2. Speaking of, book thrifting is a new extension of my addiction. I’ve always ordered used books from Amazon, but lately, I’ve been foraging through secondhand shops and used bookstores. It’s time consuming, but it’s also relaxing and rewarding. Nothing is more exciting than finding the exact copy I was looking for. True, I could order the book online, but discovering it beneath a stack of others is like unearthing a treasure.
  3. There are A LOT of options when laptop shopping. Most of which I don’t understand. I’ve already forgotten the specs of the one I ordered. But it’s lovely, and this is the first post I’m typing on it… I should probably go read the manual now.
  4. Chick flicks + popcorn + best friends = insanely late, memorable nights, filled with laughter and jokes that don’t make sense the next morning. I don’t realize how much I need moments like this until I’ve gone too long without them. When I do finally experience these times all over, I’m reminded how much better life is with friends.
  5. Starbucks Shaken Iced Tea Lemonade is my new favorite summer drink. I don’t know what made me choose it over a frappe one day, but it’s fantastic. I’m craving another.
  6. No matter how prepared you are to say goodbye, it’s impossible to be completely ready.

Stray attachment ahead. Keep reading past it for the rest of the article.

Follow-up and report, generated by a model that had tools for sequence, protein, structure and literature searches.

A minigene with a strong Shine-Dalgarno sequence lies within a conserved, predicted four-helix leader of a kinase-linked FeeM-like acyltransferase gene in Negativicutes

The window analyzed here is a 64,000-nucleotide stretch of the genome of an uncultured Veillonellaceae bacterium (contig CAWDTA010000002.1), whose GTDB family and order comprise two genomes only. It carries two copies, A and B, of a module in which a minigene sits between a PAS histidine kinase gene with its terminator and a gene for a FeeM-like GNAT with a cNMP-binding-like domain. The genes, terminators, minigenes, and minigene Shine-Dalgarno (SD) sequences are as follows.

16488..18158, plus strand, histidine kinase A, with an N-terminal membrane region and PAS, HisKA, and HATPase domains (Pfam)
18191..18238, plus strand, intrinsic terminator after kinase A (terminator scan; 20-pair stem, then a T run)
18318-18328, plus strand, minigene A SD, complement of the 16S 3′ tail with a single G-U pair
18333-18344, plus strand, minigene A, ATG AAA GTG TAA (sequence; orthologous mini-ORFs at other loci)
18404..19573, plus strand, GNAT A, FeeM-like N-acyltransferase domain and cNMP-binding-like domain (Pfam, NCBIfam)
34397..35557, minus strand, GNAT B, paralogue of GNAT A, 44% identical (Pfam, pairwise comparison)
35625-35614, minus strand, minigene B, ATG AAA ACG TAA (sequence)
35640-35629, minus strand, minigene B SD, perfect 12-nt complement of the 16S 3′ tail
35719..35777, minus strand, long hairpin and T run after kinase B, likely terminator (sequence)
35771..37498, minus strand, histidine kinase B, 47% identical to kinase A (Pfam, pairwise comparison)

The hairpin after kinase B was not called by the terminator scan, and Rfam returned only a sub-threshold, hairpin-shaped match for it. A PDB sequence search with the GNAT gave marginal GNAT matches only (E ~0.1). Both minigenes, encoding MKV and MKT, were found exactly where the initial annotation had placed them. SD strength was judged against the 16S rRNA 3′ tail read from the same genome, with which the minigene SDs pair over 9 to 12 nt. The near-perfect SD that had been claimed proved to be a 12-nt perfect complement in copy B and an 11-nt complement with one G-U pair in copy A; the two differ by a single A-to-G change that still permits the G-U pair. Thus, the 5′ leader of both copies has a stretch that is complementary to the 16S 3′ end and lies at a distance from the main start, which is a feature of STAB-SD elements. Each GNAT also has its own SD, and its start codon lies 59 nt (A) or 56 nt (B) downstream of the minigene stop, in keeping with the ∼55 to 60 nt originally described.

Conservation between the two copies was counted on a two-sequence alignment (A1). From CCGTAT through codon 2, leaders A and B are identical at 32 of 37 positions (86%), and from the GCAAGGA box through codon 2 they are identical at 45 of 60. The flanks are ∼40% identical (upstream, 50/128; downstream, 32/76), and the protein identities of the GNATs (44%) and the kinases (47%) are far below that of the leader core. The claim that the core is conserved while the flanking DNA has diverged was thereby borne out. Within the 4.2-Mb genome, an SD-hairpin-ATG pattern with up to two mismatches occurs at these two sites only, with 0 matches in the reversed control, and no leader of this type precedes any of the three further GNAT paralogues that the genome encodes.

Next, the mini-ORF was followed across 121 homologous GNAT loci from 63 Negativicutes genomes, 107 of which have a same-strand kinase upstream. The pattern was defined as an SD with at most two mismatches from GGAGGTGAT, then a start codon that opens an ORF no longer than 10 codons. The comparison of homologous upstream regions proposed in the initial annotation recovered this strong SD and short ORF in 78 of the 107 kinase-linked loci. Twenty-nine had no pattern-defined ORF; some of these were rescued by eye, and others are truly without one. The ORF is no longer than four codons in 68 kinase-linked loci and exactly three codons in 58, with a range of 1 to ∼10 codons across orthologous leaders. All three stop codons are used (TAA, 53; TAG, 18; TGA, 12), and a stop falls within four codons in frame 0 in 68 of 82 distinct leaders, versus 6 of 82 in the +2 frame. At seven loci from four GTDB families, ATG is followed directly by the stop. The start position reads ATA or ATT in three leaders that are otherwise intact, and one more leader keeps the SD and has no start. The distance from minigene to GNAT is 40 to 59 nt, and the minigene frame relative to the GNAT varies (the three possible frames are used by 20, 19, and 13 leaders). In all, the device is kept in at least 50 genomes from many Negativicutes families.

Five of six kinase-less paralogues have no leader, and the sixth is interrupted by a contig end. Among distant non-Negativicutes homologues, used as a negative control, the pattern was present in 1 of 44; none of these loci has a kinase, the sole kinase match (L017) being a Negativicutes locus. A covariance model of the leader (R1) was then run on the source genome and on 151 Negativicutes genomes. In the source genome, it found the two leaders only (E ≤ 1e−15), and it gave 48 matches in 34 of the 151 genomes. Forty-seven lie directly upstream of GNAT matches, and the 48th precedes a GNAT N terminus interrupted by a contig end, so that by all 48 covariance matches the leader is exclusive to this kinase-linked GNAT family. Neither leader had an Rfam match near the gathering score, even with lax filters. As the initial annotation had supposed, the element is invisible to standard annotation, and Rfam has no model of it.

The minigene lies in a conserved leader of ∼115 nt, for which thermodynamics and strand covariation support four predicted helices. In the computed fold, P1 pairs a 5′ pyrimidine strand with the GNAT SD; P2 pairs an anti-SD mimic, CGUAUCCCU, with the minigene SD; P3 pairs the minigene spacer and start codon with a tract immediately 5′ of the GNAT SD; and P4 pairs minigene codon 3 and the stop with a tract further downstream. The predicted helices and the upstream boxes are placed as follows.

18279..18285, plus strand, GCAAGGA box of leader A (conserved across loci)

7. I physically require time to be an introvert. Especially when I’m stressed, I need to recharge alone. Funnily enough, I make the least time for this when I’m stressed. It’s something I’m trying to be more conscious of this month.
  8. Writing muscles require exercise. In the last few months, I haven’t devoted nearly enough time to writing and I can feel atrophy setting into my ability. My goal for July is to get back into a writing workout routine.
  9. Sometimes the most spiritual thing is to sleep. There are too many nights I stay awake being anxious. In those times, I have to remind myself that I can “Go to sleep in peace; God is awake.” (quote, Victor Hugo)
  10. Keep not settling. I came across this quote on Pinterest, and it’s become my mantra. Life is too short to stay stuck. Even when it’s scary to step out, refuse to settle.

That’s all for Part 2 of June! What have you learned in the past few weeks? Have you set any goals for July? How is your summer going thus far?

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Thanks for Nothing

Thanks for Nothing

I have so much to be thankful for. It crosses my mind at random intervals throughout the year, but at Thanksgiving, it’s so much plainer. Towards the end of November, life seems to glow with gratitude. As the season crosses into Christmas, I want to sing and smile at strangers and express thanks for everything.

But there is one thing I’m not thankful for. I have trouble being thankful for nothing.

It’s an odd statement, and I’m pretty sure it’s grammatically incorrect, so let me explain.